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By: Bryan Renbaum, MarylandReporter.com

As the coronavirus ravages Maryland and most of the globe, some doctors say an approved vaccine is a year or more away. There are 992 confirmed cases as of 10 a.m. Saturday morning. There were 423 confirmed cases in the state on Wednesday. Four Marylanders have died from the virus.

“There’s a pace to all of this,” Dr. Panagis Galiatsatos, an assistant professor of medicine at Johns Hopkins University in Baltimore, told MarylandReporter.com in a phone interview earlier this week. “If I gave you equipment to build a car — even with the best instructions and all the right equipment — it will take you time…The same thing with a vaccine. Even if we had all the proper equipment and all the proper bloodwork — we need about a year just to be able to assure that the vaccine works and is safe.”

Dr. Marilyn Singleton

Dr. Marilyn Singleton, who is a California-based board-certified anesthesiologist and a board member of the Association of American Physicians and Surgeons, echoed similar sentiments.

“Certainly the vaccine trials have already started — which is great. And generally, it takes a year at the minimum to get a vaccine going because you’ve got to give two doses and that has to be eight weeks apart, and then you have to see whether it does anything. So to test a vaccine — it’s not something that you just make and then say: ‘Ok, I’ll give it once and that’s that.’ ”

Galiatsatos said “supportive therapy” is the best way to treat the coronavirus because many of the treatments that are currently being discussed are not appropriate for everyone.

“Right now the best way to manage coronavirus-19 is really supportive therapy. If you are dehydrated while you have this virus, we will hydrate you. If you need more oxygen, we’ll give you more oxygen. If you can’t breathe on your own, we’ll place you on a ventilator for the time being. That’s it.

“The medications that you hear being discussed at the administrative level — we really reach into them as a last resort…We have plausible reasons to suspect that they can work but they are not what we would indicate for everyone.”

Singleton echoed similar sentiments.

“With regard to treatment, there are multiple things being tried. There is not so far a coronavirus-SARS-2 specific treatment but various drug companies are working on things. There are other antivirals that they’re trying in the hospital — cocktails that were used for AIDS. Unfortunately, they don’t appear to be working that well. And then there’s the hydroxychloroquine that people all over the world have been trying and many are reporting very good results.”

Dr. Panagis Galiatsatos (jhu.edu)

Galiatsatos said the coronavirus is spread “through aerosol.” That means “it needs droplets of water to encircle it in order to survive outside of a host and then be picked up by someone else in order to be plugged into the body,” he said. Galiatsatos said transmission occurs through coughing, sneezing or phlegm production.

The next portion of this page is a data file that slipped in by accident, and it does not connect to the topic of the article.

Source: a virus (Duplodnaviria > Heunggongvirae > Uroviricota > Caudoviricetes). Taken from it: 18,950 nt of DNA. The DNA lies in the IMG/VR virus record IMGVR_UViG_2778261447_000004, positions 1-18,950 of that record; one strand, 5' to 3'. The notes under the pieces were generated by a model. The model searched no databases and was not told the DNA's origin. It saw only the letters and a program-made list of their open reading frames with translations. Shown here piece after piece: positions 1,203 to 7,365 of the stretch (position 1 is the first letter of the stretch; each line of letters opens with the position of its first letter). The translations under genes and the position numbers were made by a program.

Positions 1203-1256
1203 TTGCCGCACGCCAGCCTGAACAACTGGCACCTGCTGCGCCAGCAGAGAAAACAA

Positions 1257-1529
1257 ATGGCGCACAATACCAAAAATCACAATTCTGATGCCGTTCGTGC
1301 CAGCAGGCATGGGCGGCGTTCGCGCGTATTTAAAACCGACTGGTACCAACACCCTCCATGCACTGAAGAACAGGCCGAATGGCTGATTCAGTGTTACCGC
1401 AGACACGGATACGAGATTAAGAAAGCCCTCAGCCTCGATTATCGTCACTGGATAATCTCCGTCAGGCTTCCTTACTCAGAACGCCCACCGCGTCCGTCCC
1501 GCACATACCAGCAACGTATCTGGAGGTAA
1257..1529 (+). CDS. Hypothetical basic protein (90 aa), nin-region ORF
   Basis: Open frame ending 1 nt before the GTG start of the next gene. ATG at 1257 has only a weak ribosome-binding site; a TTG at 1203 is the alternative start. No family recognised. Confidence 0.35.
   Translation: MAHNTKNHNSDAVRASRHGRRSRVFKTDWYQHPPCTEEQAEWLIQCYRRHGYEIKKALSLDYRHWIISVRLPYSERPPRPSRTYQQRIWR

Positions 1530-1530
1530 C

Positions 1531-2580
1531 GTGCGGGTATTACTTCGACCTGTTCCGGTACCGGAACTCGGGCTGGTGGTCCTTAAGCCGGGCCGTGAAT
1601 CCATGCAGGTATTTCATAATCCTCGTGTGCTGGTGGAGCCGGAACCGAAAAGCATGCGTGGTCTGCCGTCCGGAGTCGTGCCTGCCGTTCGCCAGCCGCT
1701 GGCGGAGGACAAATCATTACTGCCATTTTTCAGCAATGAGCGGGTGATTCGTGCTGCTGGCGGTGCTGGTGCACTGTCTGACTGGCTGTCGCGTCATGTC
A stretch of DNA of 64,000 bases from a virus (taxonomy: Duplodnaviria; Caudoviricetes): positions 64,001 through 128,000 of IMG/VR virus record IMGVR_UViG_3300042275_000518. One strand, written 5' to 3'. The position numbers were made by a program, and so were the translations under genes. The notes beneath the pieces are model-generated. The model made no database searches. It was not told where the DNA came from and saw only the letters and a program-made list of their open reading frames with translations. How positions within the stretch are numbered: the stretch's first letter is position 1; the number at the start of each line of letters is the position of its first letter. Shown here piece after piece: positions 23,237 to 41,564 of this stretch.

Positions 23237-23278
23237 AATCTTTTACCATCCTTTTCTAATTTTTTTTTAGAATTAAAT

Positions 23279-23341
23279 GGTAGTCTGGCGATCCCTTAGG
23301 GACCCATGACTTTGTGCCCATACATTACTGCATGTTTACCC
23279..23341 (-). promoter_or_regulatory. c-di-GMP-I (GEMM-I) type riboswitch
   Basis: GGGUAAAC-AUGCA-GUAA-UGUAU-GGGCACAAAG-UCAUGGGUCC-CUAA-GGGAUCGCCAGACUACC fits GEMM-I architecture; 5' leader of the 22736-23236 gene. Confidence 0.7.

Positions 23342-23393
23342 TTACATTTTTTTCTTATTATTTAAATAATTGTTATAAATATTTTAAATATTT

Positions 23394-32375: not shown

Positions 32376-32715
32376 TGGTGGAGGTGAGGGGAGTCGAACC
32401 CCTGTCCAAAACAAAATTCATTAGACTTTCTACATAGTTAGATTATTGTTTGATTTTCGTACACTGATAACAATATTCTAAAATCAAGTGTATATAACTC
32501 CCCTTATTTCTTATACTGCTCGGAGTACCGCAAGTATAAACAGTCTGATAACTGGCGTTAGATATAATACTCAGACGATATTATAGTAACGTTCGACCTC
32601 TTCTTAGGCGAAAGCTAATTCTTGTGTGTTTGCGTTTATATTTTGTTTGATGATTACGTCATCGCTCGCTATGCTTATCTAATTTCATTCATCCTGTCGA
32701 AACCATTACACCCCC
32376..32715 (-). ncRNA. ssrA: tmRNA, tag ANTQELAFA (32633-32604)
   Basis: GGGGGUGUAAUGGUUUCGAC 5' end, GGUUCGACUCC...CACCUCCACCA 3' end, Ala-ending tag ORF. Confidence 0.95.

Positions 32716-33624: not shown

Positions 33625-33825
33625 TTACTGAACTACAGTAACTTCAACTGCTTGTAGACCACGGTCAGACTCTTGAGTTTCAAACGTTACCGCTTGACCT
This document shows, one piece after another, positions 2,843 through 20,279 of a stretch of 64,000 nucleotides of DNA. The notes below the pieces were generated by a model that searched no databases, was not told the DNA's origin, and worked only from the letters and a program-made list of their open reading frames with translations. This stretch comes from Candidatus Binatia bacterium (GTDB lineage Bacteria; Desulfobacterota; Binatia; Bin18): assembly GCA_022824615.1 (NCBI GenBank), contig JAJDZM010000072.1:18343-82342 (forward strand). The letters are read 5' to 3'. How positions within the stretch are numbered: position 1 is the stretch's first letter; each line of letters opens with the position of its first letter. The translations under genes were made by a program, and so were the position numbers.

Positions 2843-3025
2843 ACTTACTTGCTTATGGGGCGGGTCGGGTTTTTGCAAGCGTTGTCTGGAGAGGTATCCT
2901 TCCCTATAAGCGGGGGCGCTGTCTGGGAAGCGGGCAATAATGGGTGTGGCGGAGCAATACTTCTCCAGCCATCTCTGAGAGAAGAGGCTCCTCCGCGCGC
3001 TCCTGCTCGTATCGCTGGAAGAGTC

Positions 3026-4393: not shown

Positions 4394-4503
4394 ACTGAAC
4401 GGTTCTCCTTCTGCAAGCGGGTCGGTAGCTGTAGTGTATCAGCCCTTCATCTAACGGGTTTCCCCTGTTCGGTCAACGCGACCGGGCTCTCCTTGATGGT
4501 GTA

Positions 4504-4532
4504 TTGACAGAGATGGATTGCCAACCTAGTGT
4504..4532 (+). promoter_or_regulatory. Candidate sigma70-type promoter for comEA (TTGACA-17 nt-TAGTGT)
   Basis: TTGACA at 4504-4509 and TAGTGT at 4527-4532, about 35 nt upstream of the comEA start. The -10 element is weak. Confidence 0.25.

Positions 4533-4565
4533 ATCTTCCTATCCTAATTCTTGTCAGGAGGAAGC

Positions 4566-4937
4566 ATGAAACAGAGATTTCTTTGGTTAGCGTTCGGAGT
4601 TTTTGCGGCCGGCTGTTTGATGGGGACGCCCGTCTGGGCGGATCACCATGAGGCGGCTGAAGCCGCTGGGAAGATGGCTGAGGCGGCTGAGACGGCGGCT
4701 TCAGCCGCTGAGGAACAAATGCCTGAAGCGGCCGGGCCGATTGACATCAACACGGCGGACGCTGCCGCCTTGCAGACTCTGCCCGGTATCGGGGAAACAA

He also said it is possible that the virus is spread via fecal matter.

“We do know the type of receptor that the coronavirus-19 binds to… it is down in the colon and it can give you symptoms like diarrhea. And there has been literature that shows that the coronavirus-19 has been found in stool.”

Singleton elaborated on that point.

“From what I have read and what is interesting about it is even after it clears in the respiratory tract — later they still found it in fecal matter. And the last article I read. they said it was up to 21 days.”

Both Galiatsatos and Singleton emphasized the importance of practicing social distancing.

“The less is more in this case. That’s why we seen the government going [recommending gatherings] from ten to two [people]. It’s not that ten was wrong — it’s just when we put out this dire plea, we still didn’t get any traction on this so we keep lowering that number,” Galiatsatos said.

“Certainly the staying six feet apart from people — that is pretty hard and fast. And, interestingly, certainly grocery stores and various places that are considered essential businesses — that are still allowing people to come in have put markers at six feet to try to keep people there. And that’s a good thing,” Singleton said.

Gov. Larry Hogan in a statement on Thursday urged Marylanders to remain vigilant and practice social distancing.

“We are only at the beginning of this crisis, in our state, in the National Capital Region, and in America. As I have repeatedly stressed, we should continue to expect the number of cases to dramatically and rapidly rise…This battle is going to be much harder, take much longer, and be much worse than almost anyone comprehends. We have never faced anything like this ever before, and I continue to urge the people of our state to stay in place at home and stay safe.”


David M. Higgins II, Publisher/Editor

David M. Higgins was born in Baltimore and grew up in Southern Maryland. He has had a passion for journalism since high school. After spending many years in the Hospitality Industry he began working in...